...

      Added after seeing the initial post twice...

      For a non-Chardonnay white, I would choose an Alsatian (Toaky) Pinot Gris as my first choice. A Fuller bodied dry Riesling would also work. So would many Rhone varietals. For Sauvignon Blanc, I would also tend twords a fuller version, and not from NZ -- I'd stick to US, Fruili, or Central Europe / Balkans (or Graves or a really good Loire, if you are willing to pay the tarrif).

      2 Replies
      1. re: whiner

        Thanks to you both for these helpful suggestions.
        I'll be sure to toast you on New Years Eve, at least internally.
        Happy 08!

        1. re: simkhele

          I have to ask, why does your husband hate Chardonnay? It is true that there is a lot of generic Chardonnay out there, and for the most part, I am bored by most Chardonnay. But I have to plead the case for some really wonderful wines like the Champagne suggested by Chicago Mike. And Chablis! We just had Chablis and oysters the other day, and I thought I had died and gone to heaven. And of course, white Burgundy is very near and dear to my heart. Ahh Domaine Leflaive! How do I love thee? Let me count the ways...

      2. Since the salmon is not grilled, but instead roasted, I don't recommend Pinot Noir. Too heavy a wine for this salmon preparation. There is no charring or smoke that would create the flavors and heft to match this salmon with a Pinot.

        Moreover, since this dish is stuffed with fennel and oranges, the inside of the fish is almost steamed while in the oven. In any case, I heartily second the recommendations for Rose Champagne. Perfect for this dish in general, and it is New Year's Eve.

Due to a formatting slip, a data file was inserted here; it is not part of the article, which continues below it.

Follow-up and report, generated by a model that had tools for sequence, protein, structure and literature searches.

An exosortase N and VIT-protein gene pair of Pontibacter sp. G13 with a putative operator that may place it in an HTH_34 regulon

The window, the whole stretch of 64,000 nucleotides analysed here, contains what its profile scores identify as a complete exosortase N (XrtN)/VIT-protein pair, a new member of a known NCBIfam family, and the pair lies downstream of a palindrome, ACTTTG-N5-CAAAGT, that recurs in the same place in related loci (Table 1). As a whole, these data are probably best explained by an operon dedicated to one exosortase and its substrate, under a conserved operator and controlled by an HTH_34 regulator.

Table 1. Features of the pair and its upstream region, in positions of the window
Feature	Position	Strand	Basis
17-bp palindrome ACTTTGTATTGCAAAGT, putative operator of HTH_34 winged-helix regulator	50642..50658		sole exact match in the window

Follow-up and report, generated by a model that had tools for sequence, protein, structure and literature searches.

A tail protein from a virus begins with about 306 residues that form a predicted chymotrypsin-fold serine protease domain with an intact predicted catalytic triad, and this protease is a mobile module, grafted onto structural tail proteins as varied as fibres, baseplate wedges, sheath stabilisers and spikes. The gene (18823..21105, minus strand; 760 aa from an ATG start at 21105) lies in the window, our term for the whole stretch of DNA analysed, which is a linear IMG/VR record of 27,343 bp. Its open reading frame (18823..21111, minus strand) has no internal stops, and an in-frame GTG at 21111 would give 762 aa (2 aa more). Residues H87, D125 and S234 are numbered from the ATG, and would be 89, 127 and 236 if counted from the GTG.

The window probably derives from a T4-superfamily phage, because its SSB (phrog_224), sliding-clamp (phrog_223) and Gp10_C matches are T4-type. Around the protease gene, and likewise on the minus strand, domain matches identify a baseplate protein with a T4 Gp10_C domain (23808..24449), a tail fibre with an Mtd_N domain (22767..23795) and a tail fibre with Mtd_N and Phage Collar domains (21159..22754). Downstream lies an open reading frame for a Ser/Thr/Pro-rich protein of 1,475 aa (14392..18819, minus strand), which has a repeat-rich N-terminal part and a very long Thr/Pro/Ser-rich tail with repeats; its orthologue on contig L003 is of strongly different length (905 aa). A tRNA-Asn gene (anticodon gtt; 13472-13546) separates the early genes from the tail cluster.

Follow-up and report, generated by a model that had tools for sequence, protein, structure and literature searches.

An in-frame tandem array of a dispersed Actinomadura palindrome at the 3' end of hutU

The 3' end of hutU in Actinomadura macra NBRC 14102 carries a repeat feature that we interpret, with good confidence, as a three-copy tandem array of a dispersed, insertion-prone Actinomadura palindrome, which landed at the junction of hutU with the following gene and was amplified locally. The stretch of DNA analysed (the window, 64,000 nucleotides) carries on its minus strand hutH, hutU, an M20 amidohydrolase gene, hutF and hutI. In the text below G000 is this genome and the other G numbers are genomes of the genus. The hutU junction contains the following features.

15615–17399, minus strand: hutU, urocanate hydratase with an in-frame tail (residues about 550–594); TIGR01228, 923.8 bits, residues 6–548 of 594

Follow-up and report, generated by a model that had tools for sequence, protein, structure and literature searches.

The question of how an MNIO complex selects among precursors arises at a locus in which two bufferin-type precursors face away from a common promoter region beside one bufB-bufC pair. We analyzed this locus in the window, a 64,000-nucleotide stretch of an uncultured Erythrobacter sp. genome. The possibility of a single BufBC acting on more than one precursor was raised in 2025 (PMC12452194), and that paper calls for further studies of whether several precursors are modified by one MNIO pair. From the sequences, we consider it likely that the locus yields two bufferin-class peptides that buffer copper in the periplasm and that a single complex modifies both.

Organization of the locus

Rose (still wine) would also work, as would a white that picks up on the fennel and orange...
        I'd recommend a Graves (Sauvignon Blanc from Bordeaux; I like the Smith Haut Lafite and Chevalier), a Vouvray or Chenin Blanc from the Loire, or the wonderful white wine Torrontes (also the name of the grape) from Argentina (I like Susana Balbo the best).

        What characterizes these whites is good fruit, unmasked and unmanipulated, with a refreshing citrus-y liveliness that matches really well with fish. For that reason, Chardonnay is far down the list as a recommendation from me. Especially the unctuous, butterball California Chardonnays. White Burgundies are different matter. Even so, for this dish I'd still go for a white Bordeaux over a white Burgundy.

        But Rose Champagne is still at the top. Lots of good recs lately for it on this board.

        8 Replies
        1. re: maria lorraine

          "What characterizes these whites is good fruit, unmasked and unmanipulated, with a refreshing citrus-y liveliness that matches really well with fish. For that reason, Chardonnay is far down the list as a recommendation from me. Especially the unctuous, butterball California Chardonnays. ..."